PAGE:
Panchakarma: Virechana (laxative therapy) reduces Pitta and regulates Vata. Medicated vaginal enemas and nasya may also be used.
Manual procedures: Cooling, soothing, and restorative treatments are used.
Phytotherapy: Primarily astringent herbs and preparations known for their hemostatic effects are used, e.g. Lodhra, Gokshuradi Guggulu. Ashoka, Shatavari and Amla are also commonly used in various dosage forms.
Diet: Mild, sweet, cooling, bitter and astringent foods and spices (e.g. turmeric), avoidance of coffee and alcohol. Ensure adequate supply of iron and magnesium. Infusions of hibiscus, raspberry leaves and rose petals.
Lifestyle: practices to regulate tension and reduce stress, yoga, cooling breathing exercises, sufficient sleep.

Premenstrual syndrome (PMS):

Shortly before menstruation with increasing Pitta accumulation and slow increase of Vata in the organism unfortunately many women suffer from the well-known premenstrual syndrome (PMS). PMS refers to a series of cyclically recurring physical and emotional symptoms that occur particularly during the luteal phase and can be very distressing for many women. Although such problems may be common, this does not mean they are necessary. The more we sense and respond to the subtle differences and changes of each cycle phase, and the more mindful we are of our energy balance, the higher the chances are that we will be able to manage the symptoms. If symptoms are severe, it should be ruled out that there are no other diseases underlying the pain.

Possible causes: Mostly Vata or Pitta increasing diet and lifestyle, chronic stress, suppression of natural needs such as fatigue, exhaustion or hunger, inner personal conflicts.

In case of pronounced PMS, a Panchakarma can be performed. The choice of treatments is customized. Popular herbs include Shatavari and Ashoka. But above all, it is our constitutionally appropriate lifestyle with which we can contribute daily to alleviate discomfort.

Dosha-specific symptomsWhat supports now
VataIrritability, anxiety, constipation, insomnia, lower back pain, mood swingsSlowing down, getting enough sleep, eating warm, regular and nourishing foods with ginger, asafoetida, ajwain and nutmeg
PittaDiarrhea, feeling of heat, acne, skin blemishes, irritabilitySchedule regular rest periods, mild foods with lots of green vegetables and reduction in acidic, salty, spicy and fatty foods as well as alcohol and coffee
KaphaFeeling of heaviness, weight gain, edema, chest pain, constipation, sadnessExercise in the fresh air, light soups, lots of cooked vegetables with stimulating herbs like pippali. Avoidance of dairy products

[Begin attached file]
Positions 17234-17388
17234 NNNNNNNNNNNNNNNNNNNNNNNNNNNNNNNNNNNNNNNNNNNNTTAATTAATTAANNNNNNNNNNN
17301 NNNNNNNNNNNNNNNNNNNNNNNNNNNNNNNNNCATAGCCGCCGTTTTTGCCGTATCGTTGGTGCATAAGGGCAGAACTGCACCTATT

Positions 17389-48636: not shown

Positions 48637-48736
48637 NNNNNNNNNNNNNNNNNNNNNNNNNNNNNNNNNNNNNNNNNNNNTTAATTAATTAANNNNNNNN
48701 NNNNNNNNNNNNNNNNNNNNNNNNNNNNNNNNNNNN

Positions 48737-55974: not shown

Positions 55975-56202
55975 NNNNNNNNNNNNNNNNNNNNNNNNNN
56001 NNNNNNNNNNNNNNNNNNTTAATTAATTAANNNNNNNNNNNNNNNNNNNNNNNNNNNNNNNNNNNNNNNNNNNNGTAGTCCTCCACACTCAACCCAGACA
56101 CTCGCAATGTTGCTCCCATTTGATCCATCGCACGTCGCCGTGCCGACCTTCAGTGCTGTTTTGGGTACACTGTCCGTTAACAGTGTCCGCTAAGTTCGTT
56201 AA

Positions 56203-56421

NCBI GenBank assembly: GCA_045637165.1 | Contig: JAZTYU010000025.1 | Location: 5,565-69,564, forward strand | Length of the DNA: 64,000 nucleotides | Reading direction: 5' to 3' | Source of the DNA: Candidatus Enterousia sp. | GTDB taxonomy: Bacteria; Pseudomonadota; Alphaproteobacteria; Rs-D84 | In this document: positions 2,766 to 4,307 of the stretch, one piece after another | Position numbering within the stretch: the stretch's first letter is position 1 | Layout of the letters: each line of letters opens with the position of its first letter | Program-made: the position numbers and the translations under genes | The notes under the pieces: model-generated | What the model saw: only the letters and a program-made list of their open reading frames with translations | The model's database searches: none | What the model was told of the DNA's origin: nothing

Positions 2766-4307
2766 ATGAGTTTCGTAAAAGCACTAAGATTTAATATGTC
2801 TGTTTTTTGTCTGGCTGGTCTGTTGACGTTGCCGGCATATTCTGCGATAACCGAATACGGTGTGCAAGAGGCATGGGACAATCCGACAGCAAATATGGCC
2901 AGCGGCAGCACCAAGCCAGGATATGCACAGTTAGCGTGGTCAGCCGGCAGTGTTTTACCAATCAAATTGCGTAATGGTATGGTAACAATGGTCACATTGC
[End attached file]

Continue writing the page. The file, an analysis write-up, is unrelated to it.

Balanced through all phases of life with Ayurveda

© iStock.com / SanneBerg

If we take a closer look at the most common factors that negatively influence female well-being, it’s no wonder that so many women have gynecological complaints of various kinds. Too much stress, permanent tension, juggling between job, family or partnership – real rest and deep regeneration simply come too short. But where to find the time, you ask? With its holistic and individual approach, Ayurveda offers help for each of us, no matter in which phase and situation of life – pragmatic, loving and realizable. Many small changes can make a big difference.

Checklist for your path to hormone balance

  1. What can I do concretely to improve my nutrition and my relationship with food? Do I feel daily what is good for me today and do I usually listen to it? 2.
    Are my body, mind and senses getting too much or too little nutrition? Are they getting good quality food? What can I change?
  2. Am I getting enough time to rest and regenerate? What can I do to foster my relationship with stillness and doing nothing?
  3. How can I support healthy sleep?
  4. Is there something in my life that causes me permanent stress and restlessness that I can remove from my life?
  5. Is there anything in my daily routine that I can change or eliminate that might promote balance?
  6. Am I getting enough exercise in my life? What type and intensity of exercise and movement is really good for me?
  7. Am I getting enough positive physical, mental, sensory, emotional and spiritual stimulation in my life? What feels good and how can I integrate more of it?
  8. Is there something in my life that is at odds with my innermost core and keeps causing suffering? How can I put an end to that?
  9. Am I living the life I sincerely want to live? What can I do today to align myself even better with that?